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A widening skills gap in Windsor-Essex is costing the region half a billion dollars every year, according to a new report from the Windsor-Essex Regional Chamber of Commerce.
The Talent in Transition Report was complied after consulting with educators and business owners across Ontario.
It found 82 per cent of businesses who tried to hire staff last year had trouble finding someone with the proper qualifications.
“If improvements are not made, we will find ourselves in a situation where there are ‘people without jobs and jobs without people’,” wrote Ontario Chamber of Commerce interim CEO, Richard Koroscil, in a media release.
Skills Canada estimates almost half of new jobs created in the next decade will be in skilled trades, but only 26 per cent of young people are considering that type of career, according to the chamber.
Matt Marchand, CEO of the Windsor-Essex chamber, said it’s everyone’s responsibility to educate young people on how positive a career in the trades can be.
“Skills is a very, very important sector and there’s lots of money to be made,” he said. “At this point you can basically write your own ticket.”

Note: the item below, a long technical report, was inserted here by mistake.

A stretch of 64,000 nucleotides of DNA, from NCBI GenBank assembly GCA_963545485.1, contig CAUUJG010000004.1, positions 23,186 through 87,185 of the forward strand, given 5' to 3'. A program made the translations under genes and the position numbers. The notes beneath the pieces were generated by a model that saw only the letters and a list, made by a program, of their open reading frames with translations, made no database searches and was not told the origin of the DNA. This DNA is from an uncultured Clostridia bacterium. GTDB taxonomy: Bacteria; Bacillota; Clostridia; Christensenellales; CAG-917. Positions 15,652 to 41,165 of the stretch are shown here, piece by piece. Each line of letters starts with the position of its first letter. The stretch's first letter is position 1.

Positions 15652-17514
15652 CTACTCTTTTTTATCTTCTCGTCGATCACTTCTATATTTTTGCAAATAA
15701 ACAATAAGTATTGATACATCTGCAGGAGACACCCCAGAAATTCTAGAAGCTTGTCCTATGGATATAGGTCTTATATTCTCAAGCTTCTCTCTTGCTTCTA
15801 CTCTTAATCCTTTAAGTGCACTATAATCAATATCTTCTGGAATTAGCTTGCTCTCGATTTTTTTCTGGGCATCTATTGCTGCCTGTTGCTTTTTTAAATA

Marchand said about half of the employers in the area are having trouble hiring in skills ranging from builders to forklift operators — last year there were between 400-500 jobs unfilled.
“It’s a huge issue,” he added.
‘These kids are getting jobs instantly’
Helping introduce young people to the opportunities available in the trades is a passion Mark Lokun has devoted himself to. The coordinator of the Ontario Youth Apprenticeship Program, a precision metal cutting program that started at W.F. Herman Secondary School says the trades have a lot to offer.
“These kids are getting jobs instantly,” he said. “We give them the training up front so they’re not going in green. We give them skills they can use.”
Over the past 25 years the program, which includes a year of Co-Op, has spread to other schools — next year they expect 85 students to be enrolled.
Grade 12 student Michael Painter said he earned more than $30,000 working at Cavalier Tool and Mold through the program last year. He added anyone willing to put in some hard work should be proud to learn a skilled trade.
“There’s nothing wrong with working with your hands. You’re thinking just as hard as anyone in school,” he said. “I love creating things. I love making something out of nothing.”
Lokun said the biggest obstacle standing between students and discovering the trades is stigma that pushes parents to send their kids to university.
The teacher said all parents need to do is visit a shop to see the kind of work that goes on there.
“We need kids who are self-starters and motivators and can think,” he said. “It’s not just turning handles and cranking machine knobs. It’s very high-tech computer stuff. These kids are getting jobs instantly.”